Even though I understand it is intuitively grotesque to put "KSM" -- Khalid Sheikh Mohammed, master planner of September 11 -- on trial as a mere criminal in New York, and even though I understand the insult to all of us in granting alien warriors our constitutional rights, and the damage to our intelligence efforts the "bonanza" of required sensitive information from military and intelligence services would prove to do, all of it spilling out as a result of the accused having the right to face his accusers -- granted, a lot of "even thoughs" -- still I think there may be one silver lining in this cloud. (The darkest part of the cloud is that the people who want to bring KSM to trial want to do so for absolutely malicious reasons, I am sure. They, from President Obama on down, want to grotesquely insult the nation and endanger its future, but I daresay we are almost getting used to that. And their guaranteeing that KSM will be convicted and will get the death penalty also, of course, renders the whole thing a show trial, another blow to the very appearance of justice that they pretend to tout. In addition to that, I feel sure they'd be delighted if he were acquitted. We have some utterly brutish little children at the helm of this ship. Are we getting used to it?)
Anyway the silver lining is that in trying Muslim terrorists in a civilian court, we may deny them their ability to define jihad. The smart commentators are saying just the opposite, that it's grotesque for KSM to be given this forum by which to preach and recruit. I wonder.
I think back to the movie Braveheart, in which Mel Gibson plays the medieval Scottish warlord William Wallace. When Wallace, battling back against England's conquest of Scotland, is captured by his English foes, he is brought to London for his execution. The crime he is charged with is treason against the English king. The punishment is hanging, drawing, and quartering.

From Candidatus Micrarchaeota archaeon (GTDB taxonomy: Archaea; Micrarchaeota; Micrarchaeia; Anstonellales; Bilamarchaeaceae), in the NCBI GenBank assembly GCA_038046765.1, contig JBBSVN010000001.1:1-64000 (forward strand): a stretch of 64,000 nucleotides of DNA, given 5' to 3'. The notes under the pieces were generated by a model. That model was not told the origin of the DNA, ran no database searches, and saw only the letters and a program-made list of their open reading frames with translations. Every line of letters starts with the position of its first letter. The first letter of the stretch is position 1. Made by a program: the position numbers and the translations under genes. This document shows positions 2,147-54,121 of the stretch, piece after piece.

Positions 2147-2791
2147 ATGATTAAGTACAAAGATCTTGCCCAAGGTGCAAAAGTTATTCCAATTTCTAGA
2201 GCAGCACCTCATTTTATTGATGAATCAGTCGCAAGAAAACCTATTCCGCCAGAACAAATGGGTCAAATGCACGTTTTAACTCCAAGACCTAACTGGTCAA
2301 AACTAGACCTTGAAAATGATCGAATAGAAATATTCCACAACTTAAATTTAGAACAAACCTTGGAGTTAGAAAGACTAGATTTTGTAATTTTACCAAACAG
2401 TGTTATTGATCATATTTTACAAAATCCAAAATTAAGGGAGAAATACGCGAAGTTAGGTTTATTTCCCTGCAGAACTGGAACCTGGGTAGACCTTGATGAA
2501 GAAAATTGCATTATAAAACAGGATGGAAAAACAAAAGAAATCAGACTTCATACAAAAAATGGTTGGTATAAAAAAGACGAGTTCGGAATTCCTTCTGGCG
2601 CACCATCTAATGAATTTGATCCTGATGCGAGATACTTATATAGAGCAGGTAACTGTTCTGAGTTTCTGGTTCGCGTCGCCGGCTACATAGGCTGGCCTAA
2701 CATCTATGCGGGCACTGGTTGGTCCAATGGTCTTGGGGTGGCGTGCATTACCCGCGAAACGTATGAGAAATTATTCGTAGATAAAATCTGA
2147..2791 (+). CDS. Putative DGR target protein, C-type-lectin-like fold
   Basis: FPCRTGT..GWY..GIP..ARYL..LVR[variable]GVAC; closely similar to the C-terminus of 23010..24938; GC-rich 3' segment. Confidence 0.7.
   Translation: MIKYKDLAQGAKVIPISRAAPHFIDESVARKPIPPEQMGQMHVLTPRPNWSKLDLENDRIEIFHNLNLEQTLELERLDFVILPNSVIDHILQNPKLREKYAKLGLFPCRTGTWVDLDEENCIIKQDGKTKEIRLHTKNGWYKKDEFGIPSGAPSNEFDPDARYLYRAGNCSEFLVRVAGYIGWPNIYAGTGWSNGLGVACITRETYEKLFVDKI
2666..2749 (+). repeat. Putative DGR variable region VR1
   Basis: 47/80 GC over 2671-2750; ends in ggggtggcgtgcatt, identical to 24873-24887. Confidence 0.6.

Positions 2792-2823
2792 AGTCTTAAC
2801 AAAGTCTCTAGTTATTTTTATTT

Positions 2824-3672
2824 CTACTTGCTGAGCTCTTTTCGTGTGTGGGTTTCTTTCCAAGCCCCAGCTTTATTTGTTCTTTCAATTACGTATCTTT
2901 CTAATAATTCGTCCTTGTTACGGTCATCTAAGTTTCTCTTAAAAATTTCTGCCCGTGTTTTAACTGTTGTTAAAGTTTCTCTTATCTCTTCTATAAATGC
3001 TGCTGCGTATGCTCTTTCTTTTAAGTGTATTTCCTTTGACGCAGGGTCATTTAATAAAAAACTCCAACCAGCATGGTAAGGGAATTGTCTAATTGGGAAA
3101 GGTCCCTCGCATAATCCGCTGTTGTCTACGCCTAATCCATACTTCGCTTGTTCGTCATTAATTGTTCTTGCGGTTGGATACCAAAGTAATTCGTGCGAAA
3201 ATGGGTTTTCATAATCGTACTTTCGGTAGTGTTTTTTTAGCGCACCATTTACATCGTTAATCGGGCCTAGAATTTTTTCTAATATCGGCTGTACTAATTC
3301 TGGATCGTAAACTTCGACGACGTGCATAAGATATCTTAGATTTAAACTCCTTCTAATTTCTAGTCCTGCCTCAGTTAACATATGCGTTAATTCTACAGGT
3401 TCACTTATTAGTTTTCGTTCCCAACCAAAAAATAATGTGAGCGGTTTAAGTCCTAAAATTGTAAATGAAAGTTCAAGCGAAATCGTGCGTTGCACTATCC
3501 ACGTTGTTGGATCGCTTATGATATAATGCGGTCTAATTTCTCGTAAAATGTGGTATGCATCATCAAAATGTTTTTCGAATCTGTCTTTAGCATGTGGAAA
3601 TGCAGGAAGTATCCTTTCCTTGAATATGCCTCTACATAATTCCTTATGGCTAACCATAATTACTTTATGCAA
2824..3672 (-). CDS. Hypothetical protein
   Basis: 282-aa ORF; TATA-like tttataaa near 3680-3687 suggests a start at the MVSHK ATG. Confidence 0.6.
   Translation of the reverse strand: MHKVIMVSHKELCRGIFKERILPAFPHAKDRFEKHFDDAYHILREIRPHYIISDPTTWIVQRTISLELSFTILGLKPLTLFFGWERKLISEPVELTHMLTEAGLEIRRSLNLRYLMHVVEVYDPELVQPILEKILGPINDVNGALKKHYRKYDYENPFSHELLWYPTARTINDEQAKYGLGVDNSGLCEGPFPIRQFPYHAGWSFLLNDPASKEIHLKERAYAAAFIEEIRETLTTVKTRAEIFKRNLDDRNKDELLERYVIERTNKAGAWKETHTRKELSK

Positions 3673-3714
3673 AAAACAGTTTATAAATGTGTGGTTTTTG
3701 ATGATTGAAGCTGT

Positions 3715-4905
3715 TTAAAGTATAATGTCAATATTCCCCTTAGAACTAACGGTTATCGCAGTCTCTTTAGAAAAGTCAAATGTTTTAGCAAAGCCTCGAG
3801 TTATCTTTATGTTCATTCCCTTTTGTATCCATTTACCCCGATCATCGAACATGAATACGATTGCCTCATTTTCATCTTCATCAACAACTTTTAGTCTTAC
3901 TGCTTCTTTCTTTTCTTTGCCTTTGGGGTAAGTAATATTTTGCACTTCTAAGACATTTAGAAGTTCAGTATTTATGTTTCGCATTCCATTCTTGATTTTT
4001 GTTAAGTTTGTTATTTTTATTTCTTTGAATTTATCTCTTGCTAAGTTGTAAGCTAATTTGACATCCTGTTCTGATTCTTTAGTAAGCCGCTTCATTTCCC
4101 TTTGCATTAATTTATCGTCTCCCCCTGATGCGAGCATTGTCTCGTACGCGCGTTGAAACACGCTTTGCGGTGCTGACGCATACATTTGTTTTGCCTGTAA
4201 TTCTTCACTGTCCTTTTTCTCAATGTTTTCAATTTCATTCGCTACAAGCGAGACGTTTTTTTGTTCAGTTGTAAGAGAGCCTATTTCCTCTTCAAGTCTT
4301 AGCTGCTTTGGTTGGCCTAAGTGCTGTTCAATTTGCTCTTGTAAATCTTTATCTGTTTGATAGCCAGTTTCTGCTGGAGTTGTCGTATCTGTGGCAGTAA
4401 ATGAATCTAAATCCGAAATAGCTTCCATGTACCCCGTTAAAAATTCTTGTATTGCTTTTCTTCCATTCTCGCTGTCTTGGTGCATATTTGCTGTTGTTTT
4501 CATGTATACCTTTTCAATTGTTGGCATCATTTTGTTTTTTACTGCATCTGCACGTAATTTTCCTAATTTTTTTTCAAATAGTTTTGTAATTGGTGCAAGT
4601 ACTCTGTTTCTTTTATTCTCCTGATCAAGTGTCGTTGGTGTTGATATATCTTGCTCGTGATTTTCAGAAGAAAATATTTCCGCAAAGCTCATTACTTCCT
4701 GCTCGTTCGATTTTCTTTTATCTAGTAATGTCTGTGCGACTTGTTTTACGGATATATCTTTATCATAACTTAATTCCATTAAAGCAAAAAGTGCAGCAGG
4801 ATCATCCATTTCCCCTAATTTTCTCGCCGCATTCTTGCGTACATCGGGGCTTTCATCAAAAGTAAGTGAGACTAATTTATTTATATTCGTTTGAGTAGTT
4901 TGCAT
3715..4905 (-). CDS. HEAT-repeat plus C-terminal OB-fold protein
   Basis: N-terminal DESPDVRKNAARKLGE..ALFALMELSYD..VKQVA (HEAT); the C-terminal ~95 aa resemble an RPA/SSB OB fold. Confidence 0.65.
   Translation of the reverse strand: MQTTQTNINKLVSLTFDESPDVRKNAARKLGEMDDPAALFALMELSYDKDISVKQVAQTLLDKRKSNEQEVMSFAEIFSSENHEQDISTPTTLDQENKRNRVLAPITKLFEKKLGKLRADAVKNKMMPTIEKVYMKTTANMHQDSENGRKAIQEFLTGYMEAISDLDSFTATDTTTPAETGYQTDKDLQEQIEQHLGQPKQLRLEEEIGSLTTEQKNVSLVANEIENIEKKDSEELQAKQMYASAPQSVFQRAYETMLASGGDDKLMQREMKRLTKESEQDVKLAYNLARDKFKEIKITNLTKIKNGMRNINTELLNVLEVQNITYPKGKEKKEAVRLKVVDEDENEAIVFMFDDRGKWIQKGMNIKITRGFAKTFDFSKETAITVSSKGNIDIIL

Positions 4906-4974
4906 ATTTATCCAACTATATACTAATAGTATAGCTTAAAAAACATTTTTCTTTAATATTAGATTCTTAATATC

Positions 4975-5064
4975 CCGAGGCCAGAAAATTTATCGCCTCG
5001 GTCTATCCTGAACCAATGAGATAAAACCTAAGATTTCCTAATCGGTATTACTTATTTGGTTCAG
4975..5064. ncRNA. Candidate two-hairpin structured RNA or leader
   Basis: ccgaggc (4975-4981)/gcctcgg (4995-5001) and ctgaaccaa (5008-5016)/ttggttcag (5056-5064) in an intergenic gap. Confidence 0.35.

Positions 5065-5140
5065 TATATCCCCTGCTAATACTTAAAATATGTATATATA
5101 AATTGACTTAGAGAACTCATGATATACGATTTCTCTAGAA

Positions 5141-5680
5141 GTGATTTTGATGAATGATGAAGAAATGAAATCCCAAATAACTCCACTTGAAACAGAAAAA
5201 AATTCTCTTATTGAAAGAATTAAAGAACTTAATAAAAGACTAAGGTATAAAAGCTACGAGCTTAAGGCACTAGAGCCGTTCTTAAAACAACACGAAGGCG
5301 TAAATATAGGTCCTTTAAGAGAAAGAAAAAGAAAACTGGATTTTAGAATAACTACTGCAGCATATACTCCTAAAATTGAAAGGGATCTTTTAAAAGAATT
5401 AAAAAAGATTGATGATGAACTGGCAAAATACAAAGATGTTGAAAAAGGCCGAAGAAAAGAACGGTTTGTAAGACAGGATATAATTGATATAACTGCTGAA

By no stretch of the imagination could Wallace, morally (at least in the movie) be considered a traitor to his nation's conqueror. To be charged so is a cruel and of course deliberate slur to him and to the truth and the reality of his warfare. If his side had won, things would have turned out very differently and no king would have had the power to tell him he was a rebel. But Wallace dies the death of a convicted traitor: the English crowds watch and move off, and Scotland is still conquered, or at least seems well on its way to being. He has lost. His knowing, and his people's knowing, that he is in the right in some lofty sphere, with God perhaps, does no one any service in the end.
And, outrageous as it is to bring the terrorists of September 11th to Manhattan to be "tried" as if for some extremely serious legal faux pas of which they are still yet presumed innocent, nevertheless it does also treat them as the king of England treated William Wallace. It denies them their ability to define themselves, their ability to say what their actions were about. Considering that their motive was jihad, one of the cornerstones of Islam for 1400 years and something laid down by Mohammed himself (the "perfect man"), our chloroforming that motive in a Western courtroom, our saying instead -- no, this was a crime in our Western sense, may prove to be unintentionally wise.
Revised May 16, 2010